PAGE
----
The Development of Stereotypes
There has been surprisingly little empirical work on the origins of our stereotypes. In part, that is because these seem so obvious. After all, stereotypes are a salient part of our culture. We see them exemplified on television and in the movies, and sometimes parents, teachers, and other socialization agents deliberately or inadvertently preach them under the guise of conveying the wisdom of age. They are part of the cultural air that we breathe.
Indeed, it has seemed so obvious that stereotypes are bound up with culture that many of the classic studies in this area (e.g., Katz & Braly, 1933) explicitly assumed not only that stereotypes are products of cultures, but that generalizations about groups of people can be stereotypes only if they are widely held. These two assumptions feed off one another. If stereotypes are a part of the general culture, it would be a bit strange if they were not generally believed. Cultural beliefs and values are, almost by definition, widely accepted. At the same time, if a large number of people hold the same beliefs, the easiest (but not, as we shall see, the only) explanation is that they have been subjected to the same cultural tuition.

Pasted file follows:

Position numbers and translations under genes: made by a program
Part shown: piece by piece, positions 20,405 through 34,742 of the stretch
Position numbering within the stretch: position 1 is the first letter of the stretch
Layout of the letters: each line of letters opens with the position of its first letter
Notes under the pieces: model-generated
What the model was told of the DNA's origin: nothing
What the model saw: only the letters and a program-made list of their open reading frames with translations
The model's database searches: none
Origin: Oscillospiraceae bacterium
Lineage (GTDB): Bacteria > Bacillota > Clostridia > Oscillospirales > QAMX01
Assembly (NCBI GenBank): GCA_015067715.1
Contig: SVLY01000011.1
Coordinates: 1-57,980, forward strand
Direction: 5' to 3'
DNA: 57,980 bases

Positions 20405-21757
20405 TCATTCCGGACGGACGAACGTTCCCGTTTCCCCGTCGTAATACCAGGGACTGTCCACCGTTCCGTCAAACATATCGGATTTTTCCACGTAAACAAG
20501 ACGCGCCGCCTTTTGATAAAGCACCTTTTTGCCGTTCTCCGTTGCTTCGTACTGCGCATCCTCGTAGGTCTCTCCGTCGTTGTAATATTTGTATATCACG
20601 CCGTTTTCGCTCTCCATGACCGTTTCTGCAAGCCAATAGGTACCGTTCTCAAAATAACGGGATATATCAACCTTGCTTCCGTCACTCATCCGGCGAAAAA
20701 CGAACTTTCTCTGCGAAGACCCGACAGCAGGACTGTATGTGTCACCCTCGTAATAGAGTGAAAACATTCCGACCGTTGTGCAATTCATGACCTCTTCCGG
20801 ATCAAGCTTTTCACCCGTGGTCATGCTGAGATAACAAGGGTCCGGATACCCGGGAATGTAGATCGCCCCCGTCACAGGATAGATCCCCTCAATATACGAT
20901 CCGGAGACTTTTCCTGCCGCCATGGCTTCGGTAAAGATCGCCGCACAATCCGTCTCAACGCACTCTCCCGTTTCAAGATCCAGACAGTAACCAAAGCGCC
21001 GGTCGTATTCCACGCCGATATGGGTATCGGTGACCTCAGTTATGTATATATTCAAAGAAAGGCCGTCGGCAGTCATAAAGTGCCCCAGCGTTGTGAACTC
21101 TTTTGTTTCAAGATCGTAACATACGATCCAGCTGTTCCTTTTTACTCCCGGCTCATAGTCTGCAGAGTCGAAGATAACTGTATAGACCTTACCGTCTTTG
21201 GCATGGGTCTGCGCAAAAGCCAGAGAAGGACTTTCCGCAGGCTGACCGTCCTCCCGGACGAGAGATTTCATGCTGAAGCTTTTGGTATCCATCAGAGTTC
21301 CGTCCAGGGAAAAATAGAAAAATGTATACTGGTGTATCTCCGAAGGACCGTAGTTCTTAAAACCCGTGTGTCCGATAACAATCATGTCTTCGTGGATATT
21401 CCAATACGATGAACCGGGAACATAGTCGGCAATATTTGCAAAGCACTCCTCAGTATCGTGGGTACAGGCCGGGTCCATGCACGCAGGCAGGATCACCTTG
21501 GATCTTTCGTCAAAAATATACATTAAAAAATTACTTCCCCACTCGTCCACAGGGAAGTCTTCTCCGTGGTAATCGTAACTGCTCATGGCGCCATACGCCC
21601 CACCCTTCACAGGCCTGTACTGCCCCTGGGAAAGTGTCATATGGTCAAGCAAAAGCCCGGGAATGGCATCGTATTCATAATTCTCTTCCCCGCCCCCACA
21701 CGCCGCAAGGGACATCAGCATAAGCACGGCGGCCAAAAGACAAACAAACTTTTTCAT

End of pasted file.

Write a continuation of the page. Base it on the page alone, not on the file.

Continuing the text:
The more modern approach has been to forgo assumptions about the cultural heritage of stereotypes and to focus instead on how stereotypes affect how we process information about others. For much of the research discussed in this book, it matters little whether the stereotype being examined is held only by the subjects in the experiments or by nearly everyone. If I believe that violent career criminals are actually compassionate and caring people, then this will affect the ways I perceive, interpret,